Thomas Lifson is one of the few journalists who have examined GWB's training at the Harvard Business School and the influence of that training on his conduct as president.
While I applaud Lifson for taking this question seriously, I think he has provided only a partial picture. He tends to see only favorable outcomes arising from Bush's time at B-school. There are a couple of unsettling facets to it as well. Moreover, these may explain part of Bush's problems as president.
To take care of a couple of quick hits I've discussed previously.
1. Lifson writes:
The very first lesson drummed-into new students, as they file into the classrooms of Aldrich Hall, is that management consists of decision-making under conditions of uncertainty. There is never perfect information, and decisions often have to be made even when you'd really prefer to know a lot more.
I discussed the conventional case study method here. I'm not sold on the idea that it is great training for strategic leaders. Decision-making under uncertainty is the sine qua non of strategic leadership. Paralysis by analysis is a constant danger. But it is possible to veer too far in the other direction. A bias for deciding can stifle curiosity. In a case study no one has extra information. The meta-lesson is that "no one knows more than I do." In real life, a little extra digging, some pointed questions, some humility, can prevent a lot of mistakes.
Further, the conventional case study may not be very good training for a war president as discussed here.
He is a trained strategist, an MBA graduate of Harvard Business School, where he learned that the point of having a strategy is to win when it counts, not just to feel good about yourself at every moment of the process.I discussed the weaknesses of the business strategy literature in two posts on Clausewitz. (See here and here.) In particular, I contrasted Clausewitz's approach with Michael Porter's who was Bush's professor at Harvard:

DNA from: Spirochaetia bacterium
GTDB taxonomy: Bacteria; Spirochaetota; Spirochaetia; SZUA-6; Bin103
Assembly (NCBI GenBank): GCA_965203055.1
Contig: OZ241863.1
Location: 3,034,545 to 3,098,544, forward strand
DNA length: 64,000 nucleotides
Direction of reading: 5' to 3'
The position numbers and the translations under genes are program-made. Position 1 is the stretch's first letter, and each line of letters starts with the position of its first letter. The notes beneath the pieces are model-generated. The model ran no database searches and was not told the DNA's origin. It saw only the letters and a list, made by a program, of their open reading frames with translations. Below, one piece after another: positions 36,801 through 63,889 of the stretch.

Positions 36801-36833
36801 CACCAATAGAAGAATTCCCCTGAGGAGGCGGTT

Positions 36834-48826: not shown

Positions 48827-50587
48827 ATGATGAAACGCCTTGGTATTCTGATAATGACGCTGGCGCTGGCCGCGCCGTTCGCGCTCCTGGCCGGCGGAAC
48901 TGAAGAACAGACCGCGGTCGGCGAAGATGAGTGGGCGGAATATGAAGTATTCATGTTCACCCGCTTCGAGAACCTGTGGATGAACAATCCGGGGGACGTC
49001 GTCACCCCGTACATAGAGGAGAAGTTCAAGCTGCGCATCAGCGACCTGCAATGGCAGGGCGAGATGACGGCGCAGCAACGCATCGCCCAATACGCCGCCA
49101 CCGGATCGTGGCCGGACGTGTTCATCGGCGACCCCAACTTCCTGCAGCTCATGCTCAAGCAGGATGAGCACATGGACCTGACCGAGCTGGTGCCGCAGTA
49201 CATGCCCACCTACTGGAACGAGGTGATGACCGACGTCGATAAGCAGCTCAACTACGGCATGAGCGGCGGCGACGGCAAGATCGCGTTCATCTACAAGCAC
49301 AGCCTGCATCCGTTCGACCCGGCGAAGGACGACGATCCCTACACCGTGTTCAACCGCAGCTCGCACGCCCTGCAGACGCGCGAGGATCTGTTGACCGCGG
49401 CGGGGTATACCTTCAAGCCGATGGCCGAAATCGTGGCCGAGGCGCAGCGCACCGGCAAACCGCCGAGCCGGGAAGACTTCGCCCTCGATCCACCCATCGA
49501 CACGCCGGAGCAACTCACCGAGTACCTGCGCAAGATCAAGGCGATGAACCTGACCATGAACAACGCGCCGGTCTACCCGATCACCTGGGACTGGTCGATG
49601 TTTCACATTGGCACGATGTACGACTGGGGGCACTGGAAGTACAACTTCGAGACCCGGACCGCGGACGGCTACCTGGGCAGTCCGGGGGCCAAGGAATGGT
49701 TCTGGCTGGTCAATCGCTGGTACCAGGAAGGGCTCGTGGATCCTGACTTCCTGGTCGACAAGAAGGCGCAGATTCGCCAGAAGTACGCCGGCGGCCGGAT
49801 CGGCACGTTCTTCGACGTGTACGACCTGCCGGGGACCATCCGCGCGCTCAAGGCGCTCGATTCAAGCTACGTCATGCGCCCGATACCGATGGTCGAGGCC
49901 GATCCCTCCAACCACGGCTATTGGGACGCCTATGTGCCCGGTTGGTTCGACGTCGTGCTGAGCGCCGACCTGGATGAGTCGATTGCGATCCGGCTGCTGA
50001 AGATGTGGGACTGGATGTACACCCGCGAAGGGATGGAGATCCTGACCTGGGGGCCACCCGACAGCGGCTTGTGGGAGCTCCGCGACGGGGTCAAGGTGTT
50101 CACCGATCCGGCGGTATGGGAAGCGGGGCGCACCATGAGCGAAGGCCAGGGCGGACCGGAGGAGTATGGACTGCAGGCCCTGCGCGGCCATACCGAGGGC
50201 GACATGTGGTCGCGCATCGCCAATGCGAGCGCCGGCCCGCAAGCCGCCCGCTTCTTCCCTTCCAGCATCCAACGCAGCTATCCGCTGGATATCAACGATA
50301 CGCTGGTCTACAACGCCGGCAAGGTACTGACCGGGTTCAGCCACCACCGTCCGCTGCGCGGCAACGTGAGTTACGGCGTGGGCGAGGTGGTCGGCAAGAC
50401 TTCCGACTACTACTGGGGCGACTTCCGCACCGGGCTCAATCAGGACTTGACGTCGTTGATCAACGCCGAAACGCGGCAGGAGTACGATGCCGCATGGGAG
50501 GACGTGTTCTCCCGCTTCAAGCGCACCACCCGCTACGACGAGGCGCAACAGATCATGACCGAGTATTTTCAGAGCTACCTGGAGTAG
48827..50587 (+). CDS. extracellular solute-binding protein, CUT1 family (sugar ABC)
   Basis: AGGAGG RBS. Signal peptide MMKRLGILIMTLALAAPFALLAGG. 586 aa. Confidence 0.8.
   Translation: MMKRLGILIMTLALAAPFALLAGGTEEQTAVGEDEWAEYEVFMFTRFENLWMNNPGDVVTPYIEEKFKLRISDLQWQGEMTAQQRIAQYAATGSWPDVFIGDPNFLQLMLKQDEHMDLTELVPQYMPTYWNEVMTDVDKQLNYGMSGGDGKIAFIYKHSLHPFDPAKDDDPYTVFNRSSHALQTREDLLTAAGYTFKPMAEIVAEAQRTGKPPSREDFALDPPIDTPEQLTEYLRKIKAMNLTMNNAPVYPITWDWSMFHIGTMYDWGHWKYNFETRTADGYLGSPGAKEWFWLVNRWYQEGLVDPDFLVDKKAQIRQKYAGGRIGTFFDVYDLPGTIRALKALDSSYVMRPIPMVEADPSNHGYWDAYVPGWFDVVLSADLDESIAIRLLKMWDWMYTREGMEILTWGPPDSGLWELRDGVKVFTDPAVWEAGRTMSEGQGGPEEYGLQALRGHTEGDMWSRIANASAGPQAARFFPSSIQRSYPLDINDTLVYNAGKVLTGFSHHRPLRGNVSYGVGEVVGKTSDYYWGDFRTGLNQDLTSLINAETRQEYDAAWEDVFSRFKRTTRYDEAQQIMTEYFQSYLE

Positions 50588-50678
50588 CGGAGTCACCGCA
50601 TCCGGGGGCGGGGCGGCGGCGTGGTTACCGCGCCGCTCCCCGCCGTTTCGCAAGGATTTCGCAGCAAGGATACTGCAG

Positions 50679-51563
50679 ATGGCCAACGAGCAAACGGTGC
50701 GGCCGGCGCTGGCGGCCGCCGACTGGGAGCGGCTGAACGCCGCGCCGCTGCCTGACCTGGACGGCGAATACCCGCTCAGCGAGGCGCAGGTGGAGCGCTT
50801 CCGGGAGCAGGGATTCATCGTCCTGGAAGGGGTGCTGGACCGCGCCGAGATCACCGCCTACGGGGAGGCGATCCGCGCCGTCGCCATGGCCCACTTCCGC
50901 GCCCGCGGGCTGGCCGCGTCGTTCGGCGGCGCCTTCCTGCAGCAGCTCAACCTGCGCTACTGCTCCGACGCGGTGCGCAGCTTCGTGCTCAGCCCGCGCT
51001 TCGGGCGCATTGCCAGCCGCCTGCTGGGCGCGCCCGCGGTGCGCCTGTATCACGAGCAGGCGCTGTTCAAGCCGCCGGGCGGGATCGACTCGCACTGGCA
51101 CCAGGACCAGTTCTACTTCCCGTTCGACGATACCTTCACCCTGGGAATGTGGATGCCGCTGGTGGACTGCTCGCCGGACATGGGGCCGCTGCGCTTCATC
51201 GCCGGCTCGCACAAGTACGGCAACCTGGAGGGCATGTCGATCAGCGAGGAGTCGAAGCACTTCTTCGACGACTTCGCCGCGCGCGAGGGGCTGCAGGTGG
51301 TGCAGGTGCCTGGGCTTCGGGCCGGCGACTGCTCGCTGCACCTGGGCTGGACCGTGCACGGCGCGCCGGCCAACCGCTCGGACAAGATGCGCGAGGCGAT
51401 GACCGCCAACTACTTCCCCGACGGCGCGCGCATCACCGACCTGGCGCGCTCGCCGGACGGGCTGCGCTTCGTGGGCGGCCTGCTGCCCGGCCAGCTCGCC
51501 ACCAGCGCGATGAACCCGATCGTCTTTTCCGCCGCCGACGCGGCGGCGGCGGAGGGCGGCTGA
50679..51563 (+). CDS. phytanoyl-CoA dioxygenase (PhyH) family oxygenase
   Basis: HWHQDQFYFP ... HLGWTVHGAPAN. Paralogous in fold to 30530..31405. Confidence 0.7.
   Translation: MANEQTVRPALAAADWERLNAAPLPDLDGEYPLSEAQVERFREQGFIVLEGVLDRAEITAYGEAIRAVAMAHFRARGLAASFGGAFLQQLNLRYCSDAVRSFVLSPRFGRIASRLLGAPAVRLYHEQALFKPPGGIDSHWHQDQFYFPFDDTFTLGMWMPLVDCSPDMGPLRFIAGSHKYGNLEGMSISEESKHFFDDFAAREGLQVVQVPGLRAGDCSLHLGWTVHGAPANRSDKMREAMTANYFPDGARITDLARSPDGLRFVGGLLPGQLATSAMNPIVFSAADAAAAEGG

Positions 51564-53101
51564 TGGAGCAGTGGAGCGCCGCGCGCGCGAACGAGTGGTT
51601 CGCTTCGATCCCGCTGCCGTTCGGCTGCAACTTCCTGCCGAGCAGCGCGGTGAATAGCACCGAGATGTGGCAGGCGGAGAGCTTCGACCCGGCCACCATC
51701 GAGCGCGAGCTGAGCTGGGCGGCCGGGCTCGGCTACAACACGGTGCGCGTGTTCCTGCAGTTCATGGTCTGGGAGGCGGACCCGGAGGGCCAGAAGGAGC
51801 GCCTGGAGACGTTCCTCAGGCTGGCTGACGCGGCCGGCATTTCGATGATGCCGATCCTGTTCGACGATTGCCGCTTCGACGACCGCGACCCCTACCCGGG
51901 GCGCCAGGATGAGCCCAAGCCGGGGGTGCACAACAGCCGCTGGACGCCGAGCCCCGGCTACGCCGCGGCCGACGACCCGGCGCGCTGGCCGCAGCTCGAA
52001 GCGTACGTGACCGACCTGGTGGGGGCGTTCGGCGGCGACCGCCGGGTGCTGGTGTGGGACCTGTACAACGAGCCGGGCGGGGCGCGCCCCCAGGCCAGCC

Porter, however, differs radically in his approach. Clausewitz presents descriptive theories, his aim is to help the future commander prepare himself for the challenges he will face. In contrast, Porter's work is intensely prescriptive. His Five-factor framework and generic strategies are templates waiting for the executive's implementation.Bush, I worry, sometimes falls into the knowing trap. He shows admirable determination to stick with a decision, but he is not so interested in the hard work required to translate the decision into action. Similarly he fails to see that as a politician, he must rally and re-rally public support for that decision. Finally, he and Rumsfeld also seem to be oblivious to Clausewitz's subtle argument about the importance and limits of will. To quote myself:
Porter's, then, implies that the key to business strategy is "knowing". The doing will almost take care of itself. Clausewitz never presumed that the science of war (which gets studied in peacetime) could ever supplant the art of war (which wins actual battles and campaigns).